Florida Says Adios To 'Sanctuary City' Declarations

Posted: Jun 15, 2019 2:30 PM
Florida Says Adios To 'Sanctuary City' Declarations

Source: AP Photo/John Raoux

Florida Gov. Ron DeSantis (R) on Friday signed a controversial bill that prevents cities throughout the Sunshine State to declare themselves "sanctuary cities." Instead, the bill mandates cities and law enforcement personnel cooperate with Immigration and Customs Enforcement (ICE).

“I am proud to sign the bill presented to me by the Florida Legislature to uphold the rule of law and ensure that no city or county jurisdiction can get in the way of Florida’s cooperation with our federal partners to enforce immigration law," DeSantis said in a statement on Friday. "This is about public safety, not about politics. We must do everything within our power, and use all the tools available to us, to ensure that our communities are safe.”

Senate Bill 168 gives Gov. DeSantis and Attorney General Ashley Moody the authority to "initiate enforcement actions" against cities and municipalities who decide to ignore the law. The bill also requires any current cities that have enacted sanctuary policies to repeal those declarations.

Sanctuary cities received major focus after Kate Steinle was killed in 2015 while walking with her father on a San Francisco bridge. Her killer was someone who had been deported back to Mexico five different times, primarily for varying levels of drug offenses. ICE had provided the San Francisco Police Department with a detainer request, which asks the local authorities to keep the person in custody until an ICE agent is able to retrieve the illegal alien. Because San Francisco is a "sanctuary city" for illegal aliens, the police department ignored the detainer request and released him from jail.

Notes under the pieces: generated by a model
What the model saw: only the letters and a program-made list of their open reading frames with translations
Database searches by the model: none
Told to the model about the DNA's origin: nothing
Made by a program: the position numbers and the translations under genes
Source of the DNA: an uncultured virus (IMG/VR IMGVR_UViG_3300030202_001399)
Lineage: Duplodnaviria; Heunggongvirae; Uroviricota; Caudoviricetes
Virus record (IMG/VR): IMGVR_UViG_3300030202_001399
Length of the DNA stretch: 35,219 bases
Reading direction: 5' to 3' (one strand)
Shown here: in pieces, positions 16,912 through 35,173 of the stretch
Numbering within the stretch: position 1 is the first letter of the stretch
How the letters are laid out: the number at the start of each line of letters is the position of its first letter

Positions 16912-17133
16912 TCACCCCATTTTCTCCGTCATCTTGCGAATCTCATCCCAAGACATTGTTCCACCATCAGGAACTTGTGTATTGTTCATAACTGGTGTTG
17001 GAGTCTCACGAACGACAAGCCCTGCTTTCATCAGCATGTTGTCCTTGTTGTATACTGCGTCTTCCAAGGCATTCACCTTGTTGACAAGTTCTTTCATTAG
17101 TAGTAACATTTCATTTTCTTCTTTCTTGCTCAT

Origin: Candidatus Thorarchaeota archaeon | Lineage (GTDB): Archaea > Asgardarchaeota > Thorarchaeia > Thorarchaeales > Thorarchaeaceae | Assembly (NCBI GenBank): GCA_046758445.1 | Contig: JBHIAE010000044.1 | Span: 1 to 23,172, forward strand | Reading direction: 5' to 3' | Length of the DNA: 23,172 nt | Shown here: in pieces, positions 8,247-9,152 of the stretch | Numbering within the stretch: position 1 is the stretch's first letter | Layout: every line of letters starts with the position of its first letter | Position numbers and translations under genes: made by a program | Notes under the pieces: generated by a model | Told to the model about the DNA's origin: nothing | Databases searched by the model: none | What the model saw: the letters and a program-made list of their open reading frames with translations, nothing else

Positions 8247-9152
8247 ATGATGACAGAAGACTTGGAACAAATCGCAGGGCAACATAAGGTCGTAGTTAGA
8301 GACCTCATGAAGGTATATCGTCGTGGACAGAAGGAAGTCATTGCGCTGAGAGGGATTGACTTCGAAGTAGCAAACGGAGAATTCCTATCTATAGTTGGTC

Rep. Matt Gaetz (R-FL), who represents the area, is supportive of the law because it protects the public's safety. During the signing, he delivered a speech about the crisis at the border:

We need more state legislatures and governors to stand up and say "enough is enough." Local law enforcement has a duty and a responsibility to report illegal aliens to ICE. We don't know who these people are, what their history or background is. We don't know if they've committed a crime or not. And we're supposed to catch them and release them into our communities? If ICE wants them in custody, it's for a good reason. We need to let these agents do their jobs to the best of their abilities. They can't do their job if local authorities aren't doing theirs.

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